The Jets are on a fun run right now; the top six is humming along and carrying the team to the end of the season. Laine is currently two goals behind Crosby for the NHL goal scoring lead. Connor Hellebuck is finally looking like he is getting on a roll. However, the stark reality is the Jets are going to miss the playoffs because there are too few games left for the team to gain ground on the rest of the West.
Yet, management has ignored this fact as the team heads towards game 82 and it is becoming an issue. The trade deadline was the most recent symptom of this issue: That they feel the team that has not been good enough all season to contend for playoffs is now good enough. Only moving Drew Stafford points to this.
The story starts in the summer of 2016 when instead of pursuing quality defensive depth; the Jets decide to sign Brian Strait. This is not fine, because Strait is struggling in the AHL and has been unable to provide the defensive depth the Jets require. Warning bells of issues with player evaluation should have started going off.
Jump forward to the season where the Jets have been decimated by defensive injuries and poor play. Players like Mark Barberio, Andrei Marchenko and Klas Dahlbeck all saw time on waivers and all were better depth options than Ben Chiarot and Mark Stuart, yet the Jets opted to pass on them.
Why? No one can say for sure, but signs still point to the Jets’ management believing that Chiarot and Stuart are good players to have for defensive depth, on a team fighting for playoffs. Despite preparing the team for a much improved 2017-18 season, this was Cheveldayoff’s line after the deadline passed:
“Make the playoffs,” Cheveldayoff said when asked about his expectations. “We’re still going to try and continue to push.”
Players like Shawn Matthias and Mathieu Perreault could have been traded for assets to be used in the future and the Jets would not have seen a huge drop in play next season. The assets could have been used to acquire another defenseman capable of providing actual depth to the top four.
As we all know, this did not happen.
Instead, the Jets are moving forward with relatively the same group, though with Connor Hellebuyck officially as the number one goalie. The goal is playoffs or bust. This is fine, but highly improbable to happen.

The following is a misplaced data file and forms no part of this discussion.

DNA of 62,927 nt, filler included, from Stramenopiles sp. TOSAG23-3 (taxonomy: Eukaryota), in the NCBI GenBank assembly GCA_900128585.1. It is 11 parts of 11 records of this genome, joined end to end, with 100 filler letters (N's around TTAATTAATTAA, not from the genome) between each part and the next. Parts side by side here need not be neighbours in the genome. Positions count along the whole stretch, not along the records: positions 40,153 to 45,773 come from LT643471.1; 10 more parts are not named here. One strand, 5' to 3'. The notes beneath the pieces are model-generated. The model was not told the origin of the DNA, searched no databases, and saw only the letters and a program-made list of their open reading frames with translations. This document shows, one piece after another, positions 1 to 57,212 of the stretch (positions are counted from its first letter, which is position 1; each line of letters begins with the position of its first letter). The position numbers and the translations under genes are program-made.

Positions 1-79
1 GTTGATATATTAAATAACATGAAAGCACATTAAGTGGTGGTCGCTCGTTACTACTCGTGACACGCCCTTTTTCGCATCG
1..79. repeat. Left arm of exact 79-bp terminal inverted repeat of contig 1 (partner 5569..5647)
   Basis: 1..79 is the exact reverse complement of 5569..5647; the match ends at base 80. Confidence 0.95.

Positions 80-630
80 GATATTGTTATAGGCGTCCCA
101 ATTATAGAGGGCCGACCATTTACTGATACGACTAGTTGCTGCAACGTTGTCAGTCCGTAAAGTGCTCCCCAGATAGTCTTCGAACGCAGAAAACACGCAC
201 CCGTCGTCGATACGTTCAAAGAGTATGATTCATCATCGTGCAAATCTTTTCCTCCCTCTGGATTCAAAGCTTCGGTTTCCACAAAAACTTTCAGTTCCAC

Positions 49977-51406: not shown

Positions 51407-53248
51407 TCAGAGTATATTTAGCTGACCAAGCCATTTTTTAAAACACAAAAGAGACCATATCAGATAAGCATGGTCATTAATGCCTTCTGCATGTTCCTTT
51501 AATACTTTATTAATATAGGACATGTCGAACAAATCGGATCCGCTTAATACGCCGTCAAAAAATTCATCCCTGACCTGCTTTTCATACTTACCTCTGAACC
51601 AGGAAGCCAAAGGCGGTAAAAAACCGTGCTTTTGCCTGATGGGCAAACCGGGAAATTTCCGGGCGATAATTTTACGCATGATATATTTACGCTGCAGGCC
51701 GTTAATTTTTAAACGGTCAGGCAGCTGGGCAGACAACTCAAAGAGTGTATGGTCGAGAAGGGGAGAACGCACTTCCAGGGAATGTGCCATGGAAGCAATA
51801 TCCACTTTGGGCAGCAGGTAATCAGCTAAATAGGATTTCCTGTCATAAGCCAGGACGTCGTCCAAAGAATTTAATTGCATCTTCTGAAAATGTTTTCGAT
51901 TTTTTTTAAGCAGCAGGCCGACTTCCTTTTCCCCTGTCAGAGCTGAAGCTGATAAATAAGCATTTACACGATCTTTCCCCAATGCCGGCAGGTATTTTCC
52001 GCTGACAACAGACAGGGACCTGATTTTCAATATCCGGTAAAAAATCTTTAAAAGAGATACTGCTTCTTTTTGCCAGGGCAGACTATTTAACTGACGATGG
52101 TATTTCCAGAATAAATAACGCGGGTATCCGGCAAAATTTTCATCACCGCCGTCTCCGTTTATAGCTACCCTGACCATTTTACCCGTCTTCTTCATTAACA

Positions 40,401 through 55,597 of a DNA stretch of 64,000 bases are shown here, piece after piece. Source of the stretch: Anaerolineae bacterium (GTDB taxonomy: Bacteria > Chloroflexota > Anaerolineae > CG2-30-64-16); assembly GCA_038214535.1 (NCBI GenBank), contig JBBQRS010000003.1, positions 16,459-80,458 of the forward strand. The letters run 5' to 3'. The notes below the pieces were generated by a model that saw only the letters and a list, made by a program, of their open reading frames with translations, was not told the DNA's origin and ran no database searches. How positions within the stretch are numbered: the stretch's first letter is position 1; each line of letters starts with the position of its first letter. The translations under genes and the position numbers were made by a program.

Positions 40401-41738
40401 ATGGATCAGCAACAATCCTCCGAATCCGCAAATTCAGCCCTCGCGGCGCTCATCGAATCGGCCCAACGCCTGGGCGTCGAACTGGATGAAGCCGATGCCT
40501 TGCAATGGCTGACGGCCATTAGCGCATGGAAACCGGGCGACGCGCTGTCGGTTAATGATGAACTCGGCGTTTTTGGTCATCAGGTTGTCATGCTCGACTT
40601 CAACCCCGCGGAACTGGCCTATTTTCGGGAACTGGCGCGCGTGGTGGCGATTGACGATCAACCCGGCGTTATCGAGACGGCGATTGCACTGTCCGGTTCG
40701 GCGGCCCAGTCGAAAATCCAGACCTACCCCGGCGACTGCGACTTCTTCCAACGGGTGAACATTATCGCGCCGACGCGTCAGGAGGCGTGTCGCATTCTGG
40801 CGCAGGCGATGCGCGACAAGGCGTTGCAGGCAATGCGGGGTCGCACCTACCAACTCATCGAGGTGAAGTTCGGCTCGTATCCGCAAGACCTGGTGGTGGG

So now management openly allows Nic Petan to sit in place of Chris Thorburn, providing the Jets less scoring depth, which the Jets need if they want any chance for the playoffs.
What Is The Issue, Then?
There are two main issues and they are related and the first has been mentioned multiple times.
The first is player evaluation. The defenseman that passed through waivers are better than anything that has been on the bottom pairing for the Jets. Better players have been sitting in the press box more often than not. Player deployment has not been optimal. This has been an aspect that the Jets have failed miserably in: Being able to evaluate and use what the team has properly and when to pick up players to fix deficiencies.
There is also the issue of the Jets only making the playoffs once since their relocation from Atlanta. The personnel decisions made by management are pointing to the fact that Cheveldayoff and team are unable to properly construct a roster that can not only make the playoffs, but compete for the Stanley Cup.
The Jets have had a decent draft record, but it is hard to mess up the 2nd overall pick when Patrik Laine is available.
But, the honeymoon period for the relocation is over for the Jets and fans desire playoffs, as they should. The core of the team has a good mixture of young and old elite players, but those older players are heading to the wrong side of their peak and will not be able to carry the team as much.
Fans should not have confidence in Kevin Cheveldayoff’s ability to properly construct a Stanley Cup contending team and should not expect the Jets to actually compete until Cheveldayoff is replaced by a new general manager. It is not fair for management to expect fans to continue to be patient and satisfied with how the team is being constructed and the lineup that is being iced.
For the young players being brought into the Jets organization, they cannot feel completely confident that the team will have a proper supporting cast to push the team into the playoffs.
If the current philosophy of management is that everything is fine, then this is a problem because status quo is not good enough for this roster or fair to fans. If management views the team as “good enough,” then it is time for a change.